Federal Remount Service: Record of 22,000 Mares Bred since Inauguration of Plan, Daily Racing Form, 1924-01-06


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1 . . ; : 1 ; ; i : i FEDERAL REMOUNT SERVICE Record of 22,000 Mares Bred Since Inauguration of Plan. Three Hundred and Eighty Stallions Ready for Distribution Next Spring Period of Activily. NEW YORK, N. Y., Jan. 5. The Federal Remount Service with a record of more than 22,000 mares bred since the inauguration of the plan, and three hundred and eighty stallions ready for distribution in various states of the Union next spring has a right to the gratitude of everybody interested in the improvement of the general purpose horse product of the United States. When this auxiliary of governmental usefulness came into being after the close of the World War, fears were expressed in some quarters that it would meet with hostility on the part of breeders of heavy draft horses, over 90 per cent of the stallions distributed by the remount authorities being thoroughbreds ; but the contrary has turned out to be the case. Breeders of Percheron, Shire, Clydesdale and other heavy horse types have gone out of their way to show their friendliness to a cause that is not only providing a safeguard by means of an augmented supply of light horses available for national defense, but is furnishing millions of animals of a type needed for riding purposes and tasks in connection with commercial and agrarian activities where great bulk is not an essential. FORTUNATE BEGINNING. It was fortunate that racing was on a good foundation when the remount service came into being. At the inception of the movement turf authorities gave substantial assistance to the project. Stallions Avere needed badly. Some were given by the Jockey Club. Others were the gift of individuals connected with the turf or in sympathy with the work. The rest were purchased by the remount service, and were a charge against the appropriation of 50,-000 with Avhich the plan was launched. Like eAery other experiment mistakes were made in the early stages of the work, but they were trivial in comparison with the benefits derived. The reduction of the appropriation to 50,000 which went into effect a few years ago when a general policy of economy struck the various service bureaus, checked the growth of the movement for a time. Those in charge of the service faced the situation courageously, however. They sought the co-operation of breeders, fanciers and horse enthusiasts in general to keep the work going. Today tho project has reached a point where there would be a public protest if any attempt were made to check its growth. Farmers and breeders hitherto ignorant of the benefits of using the thoroughbred as a top cross have been quick to note the improvement in the quality of the foals from cold-blooded mares. The mongrel stallion has been displaced, and the scrub horse should be an unknown product in every part of the country in another ten years if there is no interference Avith the programs laid out by the Federal Remount Service. The horsemen of the country should be a unit behind Colonel Whitehead and his asso- Continucd on twelfth page. FEDERAL REMOUNT SERVICE Continued from first page. ciates at AVashington and the various remount depots and Colonel Richard D. AVil-liams of New York and those associated with him in the civilian branch of the service. This is a period of the greatest activity for those interested in the turf. Breeders are filled with anxiety for the mares that are due to foal. Bookings are being made for the approaching season where a stallion is not kept on the home place. Yearlings are the object of as much solicitude as the children of the household. Those that are backward in growth must have individual attention. Feet arc to be trimmed and care taken that worms or other pests are eliminated. Nominations for produce events are due, and there is no idle moment for the man or woman in charge of a farm on which bloodstock is kept. TRAILERS TIME OF STRESS. For the trainer of race horses it is also a time of stress. While there is no actual training to be done the general health of his charges is always a matter of concern to the conscientious expert. The yearling of yesterday two-year-olds overnight on the last day of 1923 have assumed a place of greater importance. It will only be a few months until most of them will be racing and every move will be scrutinized. This will be particularly true of those -that have shown good yearling trials ; though as a matter of fact some of the backward and growthy colts and fillies frequently turn out to be the stars. The open winter has been helpful to the training interests. Horses have been turned out every day and it has given those with animals that are under suspicion a chance to keep them going at moderate work. This is a tremendous advantage in the case of big growthy stallions that are liable to put on a lot of fat during periods of inaction. II takes a lot of work in the spring to remove this surplus weight and many a promising horse cracks under the strain. Some horsemen break bad-legged thoroughbreds to harness and drive them to a cart, not only through the winter, but during a great part of the preparatory campaign. Jim Cushing kept the AVorlds Fair Derby winner, Boundless, going in this way in the spring of 1S93. Cushing was an old trotting horseman and broke all of his horses to drive. Major Thomas C. McDowell broke Allan-a-Dale to harness during the winter of 1902 and shipped the handsome big horse to Billings Park, the splendid trotting track at Memphis, Tenn., early in March. The chestnut horse got all his work to harness until shortly before the race at Churchill Downs and his lees were sound enough to stand the weight of a jockey on his back. History records the fact that the Kentucky Derby of that year was an easy triumph for Allan-a-Dale, with the colored rider, AVink-field, now a prominent trainer-jockey of the French turf, in the saddle.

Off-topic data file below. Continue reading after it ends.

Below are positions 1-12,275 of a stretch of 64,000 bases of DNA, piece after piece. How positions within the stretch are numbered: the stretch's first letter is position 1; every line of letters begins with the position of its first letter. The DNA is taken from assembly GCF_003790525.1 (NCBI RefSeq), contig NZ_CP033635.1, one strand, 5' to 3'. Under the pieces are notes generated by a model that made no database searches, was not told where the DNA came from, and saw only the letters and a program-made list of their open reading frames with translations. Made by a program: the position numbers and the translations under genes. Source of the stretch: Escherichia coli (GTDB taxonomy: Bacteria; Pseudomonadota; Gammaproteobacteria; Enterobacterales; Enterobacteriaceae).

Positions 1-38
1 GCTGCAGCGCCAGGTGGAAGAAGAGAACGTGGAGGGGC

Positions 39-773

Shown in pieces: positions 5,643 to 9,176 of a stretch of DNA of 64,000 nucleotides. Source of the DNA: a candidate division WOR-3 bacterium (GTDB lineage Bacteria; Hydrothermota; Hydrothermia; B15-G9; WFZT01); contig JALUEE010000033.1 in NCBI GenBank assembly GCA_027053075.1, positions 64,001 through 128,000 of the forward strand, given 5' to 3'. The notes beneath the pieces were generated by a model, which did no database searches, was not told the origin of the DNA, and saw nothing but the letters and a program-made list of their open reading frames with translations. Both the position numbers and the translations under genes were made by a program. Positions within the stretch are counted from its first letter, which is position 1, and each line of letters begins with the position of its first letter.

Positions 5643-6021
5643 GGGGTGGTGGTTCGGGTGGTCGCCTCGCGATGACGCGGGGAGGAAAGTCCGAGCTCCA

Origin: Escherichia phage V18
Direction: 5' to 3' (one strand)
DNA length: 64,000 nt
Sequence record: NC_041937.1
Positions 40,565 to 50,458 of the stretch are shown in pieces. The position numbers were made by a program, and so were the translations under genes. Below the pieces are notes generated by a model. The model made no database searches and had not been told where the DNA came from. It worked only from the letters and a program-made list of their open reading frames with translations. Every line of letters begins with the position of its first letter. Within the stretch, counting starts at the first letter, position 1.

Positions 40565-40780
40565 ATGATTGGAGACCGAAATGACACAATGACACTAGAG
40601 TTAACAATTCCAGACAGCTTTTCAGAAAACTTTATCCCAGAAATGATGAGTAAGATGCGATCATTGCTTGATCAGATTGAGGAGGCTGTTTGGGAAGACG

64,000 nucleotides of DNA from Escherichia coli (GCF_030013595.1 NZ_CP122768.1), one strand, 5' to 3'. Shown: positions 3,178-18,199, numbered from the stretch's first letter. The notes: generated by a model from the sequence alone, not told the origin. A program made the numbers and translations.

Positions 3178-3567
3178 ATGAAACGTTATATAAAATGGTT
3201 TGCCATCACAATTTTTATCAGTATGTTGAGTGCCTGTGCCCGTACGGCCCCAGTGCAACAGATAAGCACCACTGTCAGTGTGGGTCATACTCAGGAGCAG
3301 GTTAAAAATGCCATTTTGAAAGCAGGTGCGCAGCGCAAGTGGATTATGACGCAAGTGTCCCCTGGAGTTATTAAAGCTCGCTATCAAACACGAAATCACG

Persistent Link: https://drf.uky.edu/catalog/1920s/drf1924010601/drf1924010601_1_6
Local Identifier: drf1924010601_1_6
Library of Congress Record: https://lccn.loc.gov/unk82075800